The Boy Next Door Goes to War
A character sketch of Billy Nelson
In liberated Paris, he goes to the Moulin Rouge
just to hear the orchestra ... honest to gosh!
Think Audie Murphy without the freckles and killer instinct.
Think All-American boy. Think gee-whiz, kid-next-door naivety the kind that shouts
out, "Please, go ahead and cook those eggs in my helmet!" Think all that, and
you have Billy Nelson ... Young Man Extraordinaire, Soldier Somewhat Less Than
Make no mistake he has been seen to kill Germans,
yes indeed-ee. He has also been known to hump bicycle tires on patrol (all in the name of
friendship) and volunteer his helmet for KP duty every time some Joe wants to make coffee
or eggs. He who is surrounded by death still shudders at the thought of killing a chicken.
Youd think such eager innocence would be pounded out of a guy the first time
hes shot at in combat, but not so with Billy. He has this strangely refreshing
quality of being in the war but not of it a G.I. with a rifle, yes. But one with a
face that almost out-goshes a young Mickey Rooney; a face that makes you want to feed him
massive amounts of milk and apple pie. How does a kid this nice exist in a situation so
infernally ugly? I can explain it only by saying that Billy somehow represents our desire
for ourselves, or our sons and brothers the desire that, if we were in the same
circumstance, we would, like Billy, still retain a self somewhere that war could not
touch. Perhaps this doesnt actually happen. Perhaps Audie Murphy, or Saunders for
that matter, is closer to reality, and the true combat soldier leaves one hundred percent
of his old self behind the first time he kills to avoid being killed. But Billy is still
the hopeful ideal.
For who, after all, could fathom any group of G.I.s without a
Billy Nelson in it? The creators of Combat! never resorted to flag-waving because
they never had to, not in words or overwrought images. Billy is the walking embodiment of
Americana. Pinch him and he exudes Norman Rockwell. He can spout baseball statistics like
Red Smith rattling off the numbers from the back of a bubblegum card. His anguished
expression (wounded G.I.) in the pages of Eleanora Hunts World magazine
probably generates more Red Cross donations from sympathetic moms and sisters than a whole
year of government appeals. And, like any good all-American boy of not-quite-twenty, he is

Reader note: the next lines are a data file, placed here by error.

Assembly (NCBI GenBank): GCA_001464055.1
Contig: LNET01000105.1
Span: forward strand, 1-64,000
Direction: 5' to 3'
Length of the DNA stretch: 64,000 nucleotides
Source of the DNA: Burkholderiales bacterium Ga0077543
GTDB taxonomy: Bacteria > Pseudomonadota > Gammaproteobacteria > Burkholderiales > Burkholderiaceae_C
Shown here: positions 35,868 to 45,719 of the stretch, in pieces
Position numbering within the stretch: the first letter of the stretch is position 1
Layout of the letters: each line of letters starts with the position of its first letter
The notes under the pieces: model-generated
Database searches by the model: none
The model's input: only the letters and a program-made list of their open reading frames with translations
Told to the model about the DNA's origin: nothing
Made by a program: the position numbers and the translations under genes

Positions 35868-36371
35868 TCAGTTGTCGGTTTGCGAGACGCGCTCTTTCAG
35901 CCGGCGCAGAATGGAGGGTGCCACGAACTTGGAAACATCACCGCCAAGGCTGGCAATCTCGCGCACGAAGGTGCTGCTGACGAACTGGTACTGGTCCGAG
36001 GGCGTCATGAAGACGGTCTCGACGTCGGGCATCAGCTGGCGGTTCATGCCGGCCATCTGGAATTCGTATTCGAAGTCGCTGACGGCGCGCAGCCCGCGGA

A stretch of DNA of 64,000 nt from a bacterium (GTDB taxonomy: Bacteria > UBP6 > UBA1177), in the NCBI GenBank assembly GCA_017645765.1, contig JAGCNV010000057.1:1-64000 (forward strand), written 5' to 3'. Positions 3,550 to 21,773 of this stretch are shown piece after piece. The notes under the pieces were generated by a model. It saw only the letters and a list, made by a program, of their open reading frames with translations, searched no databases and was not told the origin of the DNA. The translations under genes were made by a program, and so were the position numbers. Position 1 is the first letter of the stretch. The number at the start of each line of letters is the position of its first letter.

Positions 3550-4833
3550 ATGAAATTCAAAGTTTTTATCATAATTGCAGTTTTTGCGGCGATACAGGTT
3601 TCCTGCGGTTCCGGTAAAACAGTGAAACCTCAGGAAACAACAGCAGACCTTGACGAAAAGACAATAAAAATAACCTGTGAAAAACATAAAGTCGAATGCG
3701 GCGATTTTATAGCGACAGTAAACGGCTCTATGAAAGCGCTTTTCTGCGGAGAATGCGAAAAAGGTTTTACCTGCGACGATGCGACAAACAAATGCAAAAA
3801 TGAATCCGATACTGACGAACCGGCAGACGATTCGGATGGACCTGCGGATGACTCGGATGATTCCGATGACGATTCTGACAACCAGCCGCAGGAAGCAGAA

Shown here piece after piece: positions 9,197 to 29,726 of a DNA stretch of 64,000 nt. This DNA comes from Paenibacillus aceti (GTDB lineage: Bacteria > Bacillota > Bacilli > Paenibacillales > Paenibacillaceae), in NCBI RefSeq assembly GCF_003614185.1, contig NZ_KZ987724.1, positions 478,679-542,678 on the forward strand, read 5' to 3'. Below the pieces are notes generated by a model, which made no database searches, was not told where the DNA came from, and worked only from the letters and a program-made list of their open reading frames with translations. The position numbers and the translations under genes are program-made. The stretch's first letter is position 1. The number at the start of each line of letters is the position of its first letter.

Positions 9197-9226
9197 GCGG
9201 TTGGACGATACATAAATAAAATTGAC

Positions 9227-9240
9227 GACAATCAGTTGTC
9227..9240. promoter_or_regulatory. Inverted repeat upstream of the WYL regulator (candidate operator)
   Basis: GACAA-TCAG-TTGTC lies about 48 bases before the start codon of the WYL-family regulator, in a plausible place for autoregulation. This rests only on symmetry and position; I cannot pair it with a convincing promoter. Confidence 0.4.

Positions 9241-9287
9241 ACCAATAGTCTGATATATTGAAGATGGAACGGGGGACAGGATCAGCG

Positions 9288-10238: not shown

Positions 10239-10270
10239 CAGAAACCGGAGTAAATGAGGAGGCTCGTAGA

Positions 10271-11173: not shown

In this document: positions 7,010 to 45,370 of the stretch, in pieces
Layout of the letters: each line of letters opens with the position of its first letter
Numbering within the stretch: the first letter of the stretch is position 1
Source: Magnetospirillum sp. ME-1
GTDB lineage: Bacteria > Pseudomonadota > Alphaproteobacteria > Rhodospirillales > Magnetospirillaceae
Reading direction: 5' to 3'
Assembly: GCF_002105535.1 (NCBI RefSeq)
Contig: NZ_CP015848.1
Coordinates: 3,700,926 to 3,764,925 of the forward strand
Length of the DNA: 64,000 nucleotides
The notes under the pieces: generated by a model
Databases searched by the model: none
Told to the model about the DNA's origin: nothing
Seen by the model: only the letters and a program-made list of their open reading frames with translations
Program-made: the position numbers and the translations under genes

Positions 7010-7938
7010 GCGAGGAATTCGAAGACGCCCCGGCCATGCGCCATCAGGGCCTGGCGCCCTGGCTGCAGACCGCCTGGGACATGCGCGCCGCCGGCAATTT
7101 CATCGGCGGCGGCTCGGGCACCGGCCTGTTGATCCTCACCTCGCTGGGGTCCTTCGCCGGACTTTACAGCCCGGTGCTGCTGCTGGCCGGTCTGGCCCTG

adorably naive (even after hanging around Kirby, if you can imagine that) about the finer
details of s-e-x, at least when it comes to the protocol of Army marriages in which the
She outranks the He.
Yessir, Billy Nelson, with his boyish enthusiasm and gee-whiz
charm, is a one-G.I. poster for Victory. This, not so coincidentally, is the subject of
the heretofore unknown Lost Episode. Yes, Combat! fans, I have recently discovered
through reliable sources that there is an as-yet- unseen episode of the show sitting
someplace in an ABC vault. Said ep, titled "Blitzkrieg by Billy and Evelyn," was
originally scheduled to air during the Christmas season of 1963.
In this episode, Billys Missouri girl Evelyn (a dead ringer
for Judy Garland), having signed up with the U.S.O. just to follow her sweetheart across
Europe, shows up in France. Shes reunited with Billy-o when her jeep driver gets
lost. This joyous moment is interrupted when the squad, Evelyn, jeep driver, and one
U.S.O. goat (dont ask) all get cut off by Krauts. Its Christmas Eve and
everyones down-as-hell. Oops. Make that down-as-heck. Caje is missing the holiday
dinner he was invited to by a French family. Kirby is missing a hot date or so he
says with the blonde who sells tickets at the local train station. ("Hey,
Caje, how dya say Honey, you can punch my ticket any time? in
French?") Littlejohn is fretting that he will not get back in time to open his
Christmas present from Ma, even though he already knows whats inside the package
(mooshed fruitcake and fresh socks ... hopefully not in the same batch).
Evelyn, sensing a morale disaster in the making, persuades Billy
to help her put on a show for the troops. ("Sure we can!") Billy out-Bings der
Bingle in a rendition of "Swingin on a Star." And then, Christmas miracle
of miracles, the Germans are so impressed, they surrender to these nice Americans!
But the real story comes out as they are leading their prisoners
back to the American lines. Seems the German looie tells Brockmeyer he and his men threw
down their weapons just to get Billy and Evelyn to stop singing. Brockmeyer relates this
to Saunders. Whereupon the Sarge, looking around at the strange procession, gives an
almost-grin and does his famous helmet tip: "I think we just found ourselves a secret
Jawohl, mein Feldwebel. Der Reich ist kaput. Billy und Evelyn, der
amerikanisch "Dynamic Duo," sind hier.
Copyright © 1998 by Dorothy Spangler. All rights reserved.
Characters from the television series COMBAT! are the property of ABC-TV.